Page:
Throughout 2020, VMware told anyone who would listen that its end-user compute products enabled work from anywhere, on any device, with marvellous security, and were therefore just the thing to keep your organisation operating safely during lockdowns and whatever came next.
But now the virtualization giant wants you to buy more services to achieve the same outcome, with more sophistication.
Which seems odd because in March last year, VMware shared stories of customers who felt that the company’s Workspace ONE application publishing suite let their employees work from anywhere in a zero-trust environment.
Then in August came news that "a remote-everything, work-from-anywhere environment is now the new normal," and that Workspace ONE and Horizon virtual desktops were delivering for customers.
VMware has built a Secure Access Service Edge (SASE) product, for one.
The SASE market is hot right now, Cisco and Citrix already have offerings, VMware promised to create one at VMworld 2020, and has now assembled a SASE from existing products that could have delivered SASE-like services previously had you stitched them together just right.
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VMware also feels that 2021's remote work environment is different to 2020s. Despite its 2020 press releases saying things like VMware products "enable our employees to work from anywhere there is an internet connection," apparently workers now work in even more varied locations, and do so more often, necessitating a more robust approach.
VMware therefore thinks you needs its new SASE, on top of the Workspace ONE, Horizon, and Carbon Black security products it lauded last year, to really get remote work infrastructure right.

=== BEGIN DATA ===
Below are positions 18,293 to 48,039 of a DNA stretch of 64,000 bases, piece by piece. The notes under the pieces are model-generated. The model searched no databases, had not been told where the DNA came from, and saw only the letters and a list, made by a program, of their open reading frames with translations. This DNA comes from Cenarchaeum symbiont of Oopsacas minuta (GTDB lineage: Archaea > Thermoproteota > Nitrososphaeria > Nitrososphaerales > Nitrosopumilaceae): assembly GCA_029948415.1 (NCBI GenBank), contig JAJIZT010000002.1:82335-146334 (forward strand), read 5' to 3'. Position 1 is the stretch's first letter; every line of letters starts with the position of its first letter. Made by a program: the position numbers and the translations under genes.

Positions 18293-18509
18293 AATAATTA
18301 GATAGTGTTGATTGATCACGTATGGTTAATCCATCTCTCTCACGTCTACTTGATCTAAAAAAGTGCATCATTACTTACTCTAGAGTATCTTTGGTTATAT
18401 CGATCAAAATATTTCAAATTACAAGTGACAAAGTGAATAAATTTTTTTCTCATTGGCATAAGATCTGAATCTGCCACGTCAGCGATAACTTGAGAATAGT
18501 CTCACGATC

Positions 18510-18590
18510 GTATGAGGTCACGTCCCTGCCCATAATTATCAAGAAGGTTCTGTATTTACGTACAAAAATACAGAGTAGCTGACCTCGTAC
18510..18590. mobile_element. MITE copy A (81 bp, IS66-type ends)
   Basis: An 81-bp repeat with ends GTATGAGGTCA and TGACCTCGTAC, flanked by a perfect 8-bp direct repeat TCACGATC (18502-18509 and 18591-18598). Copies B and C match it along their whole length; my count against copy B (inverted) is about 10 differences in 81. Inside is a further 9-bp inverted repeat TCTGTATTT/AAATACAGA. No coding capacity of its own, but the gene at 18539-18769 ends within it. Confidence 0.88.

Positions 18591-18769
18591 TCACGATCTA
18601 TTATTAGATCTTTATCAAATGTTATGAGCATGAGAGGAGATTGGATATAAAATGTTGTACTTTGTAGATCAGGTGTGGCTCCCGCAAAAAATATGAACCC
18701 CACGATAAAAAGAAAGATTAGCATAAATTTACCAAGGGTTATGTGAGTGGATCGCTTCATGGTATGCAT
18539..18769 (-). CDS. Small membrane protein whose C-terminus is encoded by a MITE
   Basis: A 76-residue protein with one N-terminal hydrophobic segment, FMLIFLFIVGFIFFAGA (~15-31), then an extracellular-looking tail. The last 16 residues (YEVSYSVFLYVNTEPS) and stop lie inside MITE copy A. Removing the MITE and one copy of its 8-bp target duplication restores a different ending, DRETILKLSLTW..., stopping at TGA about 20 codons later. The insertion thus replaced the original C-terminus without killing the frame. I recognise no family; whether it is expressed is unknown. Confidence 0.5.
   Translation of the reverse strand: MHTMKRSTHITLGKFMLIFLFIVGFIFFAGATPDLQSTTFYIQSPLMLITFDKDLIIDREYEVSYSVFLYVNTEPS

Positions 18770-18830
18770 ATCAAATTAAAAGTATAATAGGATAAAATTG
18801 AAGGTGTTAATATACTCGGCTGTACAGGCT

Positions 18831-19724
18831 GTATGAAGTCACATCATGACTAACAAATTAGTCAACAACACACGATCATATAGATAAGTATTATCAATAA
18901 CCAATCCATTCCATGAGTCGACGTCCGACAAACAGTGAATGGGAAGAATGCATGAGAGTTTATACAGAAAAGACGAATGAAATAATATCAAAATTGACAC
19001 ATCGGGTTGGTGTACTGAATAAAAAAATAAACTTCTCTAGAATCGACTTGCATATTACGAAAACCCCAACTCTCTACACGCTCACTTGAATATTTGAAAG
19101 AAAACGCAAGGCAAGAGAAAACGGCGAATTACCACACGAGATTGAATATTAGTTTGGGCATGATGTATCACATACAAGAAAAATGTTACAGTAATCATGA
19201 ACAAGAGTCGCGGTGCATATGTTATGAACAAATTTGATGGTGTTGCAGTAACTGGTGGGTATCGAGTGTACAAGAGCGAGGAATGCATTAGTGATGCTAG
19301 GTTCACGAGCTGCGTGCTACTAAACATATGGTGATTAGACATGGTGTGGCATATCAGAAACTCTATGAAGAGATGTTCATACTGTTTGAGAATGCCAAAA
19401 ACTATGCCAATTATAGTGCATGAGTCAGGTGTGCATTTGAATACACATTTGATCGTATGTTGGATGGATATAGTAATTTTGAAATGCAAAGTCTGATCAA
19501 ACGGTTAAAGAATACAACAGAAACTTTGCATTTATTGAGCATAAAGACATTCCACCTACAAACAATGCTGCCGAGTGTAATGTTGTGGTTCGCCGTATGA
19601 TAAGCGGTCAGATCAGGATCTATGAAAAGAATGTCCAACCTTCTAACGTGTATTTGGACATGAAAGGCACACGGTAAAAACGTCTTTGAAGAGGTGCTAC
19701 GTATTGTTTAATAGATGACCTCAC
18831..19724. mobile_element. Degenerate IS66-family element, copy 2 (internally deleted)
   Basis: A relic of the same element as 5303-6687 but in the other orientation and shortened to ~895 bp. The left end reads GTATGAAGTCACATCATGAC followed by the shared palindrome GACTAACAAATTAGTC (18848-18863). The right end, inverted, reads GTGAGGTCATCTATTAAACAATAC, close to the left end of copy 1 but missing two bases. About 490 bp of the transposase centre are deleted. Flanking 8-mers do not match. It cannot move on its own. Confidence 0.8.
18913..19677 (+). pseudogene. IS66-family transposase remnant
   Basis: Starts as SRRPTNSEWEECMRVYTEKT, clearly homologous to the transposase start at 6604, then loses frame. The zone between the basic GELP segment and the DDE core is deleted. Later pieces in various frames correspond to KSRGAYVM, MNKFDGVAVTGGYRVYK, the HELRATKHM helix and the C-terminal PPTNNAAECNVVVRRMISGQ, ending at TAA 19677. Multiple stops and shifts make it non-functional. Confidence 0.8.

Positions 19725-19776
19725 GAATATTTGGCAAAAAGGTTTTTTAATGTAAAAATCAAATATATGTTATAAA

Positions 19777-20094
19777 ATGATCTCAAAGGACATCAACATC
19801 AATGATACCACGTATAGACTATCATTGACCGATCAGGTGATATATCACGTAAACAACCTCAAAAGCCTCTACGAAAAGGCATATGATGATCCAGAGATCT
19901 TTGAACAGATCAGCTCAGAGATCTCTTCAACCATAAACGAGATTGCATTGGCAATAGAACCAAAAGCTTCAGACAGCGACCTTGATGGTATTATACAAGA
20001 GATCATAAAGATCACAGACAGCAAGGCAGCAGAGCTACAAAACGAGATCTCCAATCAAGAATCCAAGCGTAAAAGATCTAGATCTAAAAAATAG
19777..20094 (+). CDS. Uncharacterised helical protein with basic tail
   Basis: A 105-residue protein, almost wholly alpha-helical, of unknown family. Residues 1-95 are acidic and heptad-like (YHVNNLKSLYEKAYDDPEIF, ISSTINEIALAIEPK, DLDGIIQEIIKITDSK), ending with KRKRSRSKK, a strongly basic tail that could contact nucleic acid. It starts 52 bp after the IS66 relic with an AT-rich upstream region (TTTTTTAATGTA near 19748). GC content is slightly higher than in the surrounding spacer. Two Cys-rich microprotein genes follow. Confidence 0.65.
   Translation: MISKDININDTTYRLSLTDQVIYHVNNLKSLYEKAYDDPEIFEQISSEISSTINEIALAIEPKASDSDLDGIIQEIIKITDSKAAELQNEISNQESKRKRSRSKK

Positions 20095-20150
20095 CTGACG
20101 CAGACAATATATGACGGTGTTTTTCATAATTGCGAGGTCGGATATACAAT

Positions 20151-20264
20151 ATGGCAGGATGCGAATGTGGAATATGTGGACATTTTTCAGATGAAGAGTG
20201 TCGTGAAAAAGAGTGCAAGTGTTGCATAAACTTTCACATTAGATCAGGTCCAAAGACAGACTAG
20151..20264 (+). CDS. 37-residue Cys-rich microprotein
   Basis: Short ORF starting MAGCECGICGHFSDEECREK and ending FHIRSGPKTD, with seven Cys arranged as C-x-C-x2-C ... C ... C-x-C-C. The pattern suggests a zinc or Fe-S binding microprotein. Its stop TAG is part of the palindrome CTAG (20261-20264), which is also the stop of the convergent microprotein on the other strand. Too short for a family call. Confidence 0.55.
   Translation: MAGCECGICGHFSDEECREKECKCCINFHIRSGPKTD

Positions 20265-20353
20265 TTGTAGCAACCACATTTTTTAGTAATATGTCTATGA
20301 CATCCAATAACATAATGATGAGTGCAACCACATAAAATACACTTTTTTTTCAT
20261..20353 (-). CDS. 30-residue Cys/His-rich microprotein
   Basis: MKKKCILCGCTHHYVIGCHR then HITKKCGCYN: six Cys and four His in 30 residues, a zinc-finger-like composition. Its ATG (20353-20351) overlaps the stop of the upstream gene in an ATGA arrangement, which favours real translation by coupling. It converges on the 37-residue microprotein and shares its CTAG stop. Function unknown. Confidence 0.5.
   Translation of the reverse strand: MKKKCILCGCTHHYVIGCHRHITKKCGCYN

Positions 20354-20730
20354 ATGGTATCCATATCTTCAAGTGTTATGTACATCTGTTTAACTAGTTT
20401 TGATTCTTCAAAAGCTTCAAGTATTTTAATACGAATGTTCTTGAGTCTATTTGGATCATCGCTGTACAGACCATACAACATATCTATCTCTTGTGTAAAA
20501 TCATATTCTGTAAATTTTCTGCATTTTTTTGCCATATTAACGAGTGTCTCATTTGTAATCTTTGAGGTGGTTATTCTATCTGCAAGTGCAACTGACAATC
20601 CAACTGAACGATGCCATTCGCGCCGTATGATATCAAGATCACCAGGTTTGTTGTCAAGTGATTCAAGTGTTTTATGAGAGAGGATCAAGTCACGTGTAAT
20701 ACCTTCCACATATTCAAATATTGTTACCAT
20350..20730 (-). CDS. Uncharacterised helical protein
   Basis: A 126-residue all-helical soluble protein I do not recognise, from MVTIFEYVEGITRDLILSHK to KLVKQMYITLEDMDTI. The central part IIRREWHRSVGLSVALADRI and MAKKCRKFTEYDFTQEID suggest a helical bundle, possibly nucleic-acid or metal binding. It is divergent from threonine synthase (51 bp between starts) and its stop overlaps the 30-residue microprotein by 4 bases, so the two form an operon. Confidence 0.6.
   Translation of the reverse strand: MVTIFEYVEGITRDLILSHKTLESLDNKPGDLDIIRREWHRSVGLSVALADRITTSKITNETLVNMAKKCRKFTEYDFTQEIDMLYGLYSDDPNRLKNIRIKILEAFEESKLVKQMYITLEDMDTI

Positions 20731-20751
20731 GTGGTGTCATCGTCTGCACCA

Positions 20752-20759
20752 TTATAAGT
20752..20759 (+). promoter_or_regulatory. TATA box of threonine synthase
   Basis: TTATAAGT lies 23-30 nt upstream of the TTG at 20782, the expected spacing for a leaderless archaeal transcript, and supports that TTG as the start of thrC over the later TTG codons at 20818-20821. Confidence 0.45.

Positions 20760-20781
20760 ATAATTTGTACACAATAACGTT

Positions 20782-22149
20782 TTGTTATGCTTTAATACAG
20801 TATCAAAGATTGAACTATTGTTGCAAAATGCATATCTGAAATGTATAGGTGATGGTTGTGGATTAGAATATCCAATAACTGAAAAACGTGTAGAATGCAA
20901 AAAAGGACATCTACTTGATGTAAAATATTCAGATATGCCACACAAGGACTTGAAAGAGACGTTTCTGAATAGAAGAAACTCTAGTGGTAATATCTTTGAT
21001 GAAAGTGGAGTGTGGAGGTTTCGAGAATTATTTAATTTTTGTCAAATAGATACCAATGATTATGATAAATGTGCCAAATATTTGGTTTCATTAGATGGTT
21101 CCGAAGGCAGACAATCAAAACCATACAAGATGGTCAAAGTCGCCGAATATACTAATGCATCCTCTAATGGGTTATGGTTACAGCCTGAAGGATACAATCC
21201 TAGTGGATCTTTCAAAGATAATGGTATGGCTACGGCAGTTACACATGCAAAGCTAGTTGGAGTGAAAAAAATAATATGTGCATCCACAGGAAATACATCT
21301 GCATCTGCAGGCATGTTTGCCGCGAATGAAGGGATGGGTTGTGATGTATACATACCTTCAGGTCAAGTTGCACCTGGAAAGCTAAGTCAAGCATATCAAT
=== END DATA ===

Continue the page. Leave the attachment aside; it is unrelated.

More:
Only this new combo, The Register was told, delivers the secure zero-trust environment that can cope with the new work-from-all-over-the-place reality in which we find ourselves (just don't read those old press releases too deeply, OK?)
VMware has also decided that the products of which it was so proud in 2020 actually had issues.
Renu Upadhyay, VMware's product and technical marketing veep for end-user computing, told The Register that before VMware's SASE came along its customers had to endure the horror of "hair pinning" as remote users' traffic passed from the client, over a VPN and into a data center, then back out again to reach cloud services. SASE fixes that by applying network policy in the cloud.
Without SASE, she added, Workspace ONE administrators lacked network intelligence that would let them understand the user experience, or make more informed decisions about security. And some of VMware's best security bits, like remote browser isolation, behave much better once SASE is in place.
VMware's new offerings also improve integration between Carbon Black and Workspace ONE, which means better malware detection and deletion. They also bring better automation, and VMware thinks admins will appreciate that as remote working infrastructure is used by more people, more often.
You will be able to buy this all as a bundle. But Andrew Fox, Virtzilla's director of business mobility and end-user computing for Australia and New Zealand, told The Register he expects many VMware customers will see SASE as a useful incremental addition and work it in to their existing rigs.
Once they do, they won't just have secure and more elegant remote access to apps and data. They'll have what VMware is now calling an "Anywhere Workspace."
Which is really the same thing that VMware said it sold last year, but in 2020 it didn't have a fancy name and wasn't as well integrated. ®